Oršuš and Others v. Croatia

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Oršuš and Others v. Croatia
Court European Court of Human Rights
Decided 16 March 2010
Case history
Prior action(s) CC of Croatia judgment in favour of government; ECtHR Chamber judgment in favour of applicants on article 6, in favour of government on article 14 and P1-2
Case opinions
Majority: Costa, Bratza, Tulkens, Casadevall, Steiner, Björgvinsson, Ziemele, Trajkovska, Karakaş
Joint partial dissent: Jungwiert, Vajić, Kovler, Gyulumyan, Jaeger, Myjer, Berro-Lefèvre, Vučinić
Court membership
Judge(s) sitting Jean-Paul Costa, Nicolas Bratza, Françoise Tulkens, Josep Casadevall, Karel Jungwiert, Nina Vajić, Anatoly Kovler, Elisabeth Steiner, Alvina Gyulumyan, Renate Jaeger, Egbert Myjer, David Thór Björgvinsson, Ineta Ziemele, Isabelle Berro-Lefèvre, Mirjana Lazarova Trajkovska, Işıl Karakaş, Nebojša Vučinić
Right to education, language, discrimination

Oršuš and Others v. Croatia (15766/03) was a case heard before the European Court of Human Rights, concerning activities of Roma-only classes in some schools of Croatia, which were held legal by the Constitutional Court of Croatia in 2007 by a decision no. U-III-3138/2002.[1]

Chamber judgment[edit]

On 17 July 2008, the Chamber of Court's First Section found unanimously both that there had been a violation of Article 6 of the European Convention on Human Rights on account of the excessive length of the proceedings, and that there had not been a violation of Article 2 of Protocol No. 1 (right to education) taken alone or in conjunction with Article 14 of the Convention (ban of discrimination).[2]

Grand Chamber judgment[edit]

On 16 March 2010, the court delivered the judgment, finding a violation of Article 6, unanimously, and a violation of Article 14 of ECHR read in conjunction with Article 2 of Protocol No. 1, by nine votes to eight. The majority has considered that the schooling arrangements for Roma children were not sufficiently attended by safeguards that would ensure that, in the exercise of its margin of appreciation in the education sphere, the State had sufficient regard to their special needs as members of a disadvantaged group and as a result of the arrangements the applicants were placed in separate classes where an adapted curriculum was followed, though its exact content remains unclear. Owing to the lack of transparency and clear criteria as regards transfer to mixed classes, the applicants stayed in Roma-only classes for substantial periods of time, sometimes even during their entire primary schooling (Para. 182).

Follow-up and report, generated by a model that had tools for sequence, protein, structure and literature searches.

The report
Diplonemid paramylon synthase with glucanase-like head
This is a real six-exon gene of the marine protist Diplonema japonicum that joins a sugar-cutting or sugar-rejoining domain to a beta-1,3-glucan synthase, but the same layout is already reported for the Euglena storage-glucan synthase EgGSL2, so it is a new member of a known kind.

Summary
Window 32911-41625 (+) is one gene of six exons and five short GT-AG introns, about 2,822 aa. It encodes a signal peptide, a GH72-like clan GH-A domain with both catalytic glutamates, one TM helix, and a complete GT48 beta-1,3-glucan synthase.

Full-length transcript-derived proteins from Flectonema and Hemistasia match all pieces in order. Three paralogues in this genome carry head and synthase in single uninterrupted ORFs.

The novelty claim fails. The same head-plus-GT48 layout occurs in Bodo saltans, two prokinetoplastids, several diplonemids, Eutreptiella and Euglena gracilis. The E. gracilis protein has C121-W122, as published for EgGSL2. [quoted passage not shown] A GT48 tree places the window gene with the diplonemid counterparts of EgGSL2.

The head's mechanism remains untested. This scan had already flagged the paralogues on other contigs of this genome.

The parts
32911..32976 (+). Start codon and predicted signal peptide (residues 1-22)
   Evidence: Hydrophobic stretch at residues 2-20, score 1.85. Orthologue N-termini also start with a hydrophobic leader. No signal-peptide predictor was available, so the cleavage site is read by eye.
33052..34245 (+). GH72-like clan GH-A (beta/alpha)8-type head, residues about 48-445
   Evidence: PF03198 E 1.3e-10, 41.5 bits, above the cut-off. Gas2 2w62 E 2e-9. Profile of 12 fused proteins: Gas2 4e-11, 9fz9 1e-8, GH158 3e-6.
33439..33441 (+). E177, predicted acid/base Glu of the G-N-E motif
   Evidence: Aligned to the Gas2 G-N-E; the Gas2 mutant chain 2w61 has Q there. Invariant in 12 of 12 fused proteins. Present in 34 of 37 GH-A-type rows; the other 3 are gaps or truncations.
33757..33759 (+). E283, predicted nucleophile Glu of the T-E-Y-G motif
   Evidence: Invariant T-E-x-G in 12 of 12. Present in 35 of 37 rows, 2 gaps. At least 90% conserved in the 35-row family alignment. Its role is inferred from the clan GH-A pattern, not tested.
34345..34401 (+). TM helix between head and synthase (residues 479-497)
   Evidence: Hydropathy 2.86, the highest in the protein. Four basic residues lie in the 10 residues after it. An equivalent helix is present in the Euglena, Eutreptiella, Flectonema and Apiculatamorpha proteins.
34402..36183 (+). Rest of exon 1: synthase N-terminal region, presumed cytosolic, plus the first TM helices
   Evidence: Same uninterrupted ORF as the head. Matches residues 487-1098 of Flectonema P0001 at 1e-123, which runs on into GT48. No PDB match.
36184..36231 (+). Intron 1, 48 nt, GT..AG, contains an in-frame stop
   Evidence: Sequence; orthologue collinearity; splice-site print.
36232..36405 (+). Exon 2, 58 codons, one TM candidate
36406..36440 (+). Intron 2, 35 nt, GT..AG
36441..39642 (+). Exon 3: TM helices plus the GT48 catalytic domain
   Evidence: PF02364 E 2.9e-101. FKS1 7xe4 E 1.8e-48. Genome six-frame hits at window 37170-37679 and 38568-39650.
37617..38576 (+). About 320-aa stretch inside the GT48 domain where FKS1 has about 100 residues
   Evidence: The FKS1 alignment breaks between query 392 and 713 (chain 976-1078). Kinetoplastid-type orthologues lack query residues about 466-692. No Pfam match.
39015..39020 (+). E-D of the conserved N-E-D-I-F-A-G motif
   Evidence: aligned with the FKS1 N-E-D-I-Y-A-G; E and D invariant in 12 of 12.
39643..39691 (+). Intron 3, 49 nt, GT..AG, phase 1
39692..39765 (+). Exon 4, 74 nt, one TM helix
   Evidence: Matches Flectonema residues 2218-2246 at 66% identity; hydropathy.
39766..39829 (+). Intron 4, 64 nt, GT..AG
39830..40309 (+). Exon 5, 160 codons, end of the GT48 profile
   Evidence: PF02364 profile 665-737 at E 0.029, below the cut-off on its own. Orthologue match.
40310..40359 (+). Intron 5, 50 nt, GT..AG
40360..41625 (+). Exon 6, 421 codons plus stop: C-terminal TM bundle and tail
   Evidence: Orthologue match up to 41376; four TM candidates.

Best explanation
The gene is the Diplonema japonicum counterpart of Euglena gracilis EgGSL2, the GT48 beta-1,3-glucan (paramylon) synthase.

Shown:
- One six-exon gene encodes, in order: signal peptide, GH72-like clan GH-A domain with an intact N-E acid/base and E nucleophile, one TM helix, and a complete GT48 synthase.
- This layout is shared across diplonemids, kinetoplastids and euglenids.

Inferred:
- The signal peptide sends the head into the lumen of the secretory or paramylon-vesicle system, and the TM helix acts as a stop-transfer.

Judges Jungwiert, Vajić, Kovler, Gyulumyan, Jaeger, Myjer, Berro-Lefèvre and Vučinić have filed a joint partly dissenting opinion, finding no violation of Articles 14 and P1-2. They referred to interests of Croatian-speaking children (Para. 9) and right of minority to preserve diversity (para. 17), pointing that:

  • applicants agreed they lacked the required level of language proficiency (Para. 4),
  • the Roma-only classes were not established as a rule (Para. 6),
  • the slow linguistic development and progress in the applicants' case was to a large degree due to their very poor school attendance (Para. 7),
  • pupils who at times or during their entire primary education attend Roma-only classes and successfully complete final grade also receive the same standard final certificate which in no way indicates that they attended some special, separate classes (para. 11).[3]


According to ERRC evaluation after a visit to Croatia in June 2010, "The situation in the schools remains the same; the majority of Romani children continue to attend Roma-only classes. The ERRC even identified one more school in the village of Podturen where Romani children are attending Roma-only classes. The situation for applicants in the Oršuš case themselves is little improved and they have been reportedly threatened with the possibility of having their social benefits cut because of their damages award. The only positive development was an initiative coming from the directors of the primary schools at the heart of the case which asked Medjimurje county authorities and the Ministry of Education to introduce three-year, free of charge pre-school programmes for Romani children to help these children to overcome language barriers before beginning their primary education".[4]

In March, 2011, Amnesty International has filed a submission to the Committee of Ministers of the Council of Europe concerning implementation of the judgment, where it found several shortcomings.[5]


External links[edit]